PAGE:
There is a lot to be joyful about here because it means that there are plans and proposals for the transformation of our economy. COP26 gave many of us a peek into the strategies of our country and the work that is being done for us to get to net zero.

Photo: Prime Minister Dr. Keith Rowley speaks at the World Leaders Summit on Climate Change in Glasgow, Scotland on 2 November 2021.
(via Office of the Prime Minister)

Here’s what I learned about my country:

  • We are in the process of establishing the largest utility-scale solar renewable energy project in the Caribbean with a capacity of 112 megawatts, accounting for 10% of our power needs, and we plan to increase this complement to 30% by 2030;
  • We have developed an e-mobility policy and we are already implementing measures to phase-in electric vehicles;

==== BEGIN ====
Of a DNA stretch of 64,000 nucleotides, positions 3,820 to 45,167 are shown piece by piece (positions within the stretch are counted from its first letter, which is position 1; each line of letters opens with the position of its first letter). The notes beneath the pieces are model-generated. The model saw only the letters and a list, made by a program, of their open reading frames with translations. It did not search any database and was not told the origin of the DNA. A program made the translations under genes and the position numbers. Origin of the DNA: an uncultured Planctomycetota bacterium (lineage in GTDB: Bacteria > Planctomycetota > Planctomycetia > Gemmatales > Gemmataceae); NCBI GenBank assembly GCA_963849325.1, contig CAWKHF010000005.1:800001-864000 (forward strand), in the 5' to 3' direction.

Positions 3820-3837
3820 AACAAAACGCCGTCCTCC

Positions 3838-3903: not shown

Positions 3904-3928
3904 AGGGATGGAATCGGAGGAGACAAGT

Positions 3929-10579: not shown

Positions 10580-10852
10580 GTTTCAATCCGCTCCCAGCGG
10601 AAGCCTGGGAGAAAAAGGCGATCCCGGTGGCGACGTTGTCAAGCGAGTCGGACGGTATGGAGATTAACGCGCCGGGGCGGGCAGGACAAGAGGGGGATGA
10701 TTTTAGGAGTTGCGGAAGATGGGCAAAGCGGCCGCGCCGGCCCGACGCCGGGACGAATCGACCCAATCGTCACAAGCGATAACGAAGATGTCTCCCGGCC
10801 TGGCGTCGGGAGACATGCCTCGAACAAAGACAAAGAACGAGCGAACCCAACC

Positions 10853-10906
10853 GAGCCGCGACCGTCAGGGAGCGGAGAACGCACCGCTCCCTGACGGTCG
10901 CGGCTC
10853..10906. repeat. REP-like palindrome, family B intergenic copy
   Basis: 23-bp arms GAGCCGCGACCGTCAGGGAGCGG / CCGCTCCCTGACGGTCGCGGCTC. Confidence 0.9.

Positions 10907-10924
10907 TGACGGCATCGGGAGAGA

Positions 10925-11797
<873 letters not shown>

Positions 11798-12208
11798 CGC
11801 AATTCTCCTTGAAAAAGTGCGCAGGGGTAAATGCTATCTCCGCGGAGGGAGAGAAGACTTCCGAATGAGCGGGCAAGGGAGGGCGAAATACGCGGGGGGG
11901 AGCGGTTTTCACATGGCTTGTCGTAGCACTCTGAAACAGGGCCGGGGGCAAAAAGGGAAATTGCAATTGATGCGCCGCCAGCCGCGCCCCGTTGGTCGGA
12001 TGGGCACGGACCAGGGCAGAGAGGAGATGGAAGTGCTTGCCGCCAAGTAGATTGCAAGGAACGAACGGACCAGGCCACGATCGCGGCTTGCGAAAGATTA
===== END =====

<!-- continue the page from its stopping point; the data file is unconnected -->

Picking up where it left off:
• We recognise the need to address the socio-economic issues associated with the energy transition and have developed a Just Transition of the Workforce Policy aimed at re-skilling, retooling, and developing new capacity for a low-carbon economy;
  • We are pursuing measures to facilitate investment in green hydrogen to provide green feedstock to our vibrant petrochemical industry.
  • We intend to explore the use of industry-generated CO₂ in possible carbon sequestration projects.
Photo: A young man strolls along Maracas Bay during the Covid-19 pandemic on 23 April 2020.
(Copyright Ghansham Mohammed/GhanShyam Photography/Wired868)

The problem with these intentions is that the average citizen is unaware of them. All we see in Parliament is the daily cussing and blaming of the opposition for our current status.

Six years into the PNM’s current term in office, it is time to stop the blame game and sell us on the joy of achievement as we pursue these ambitious plans. Thank you Prime Minister Mottley for reminding us to ‘try a little harder.

Improving our Media Engagement

Originally published in

In a recent media interview, the interviewee was asked this very direct question: ‘Have you ever accepted a bribe for a firearm?’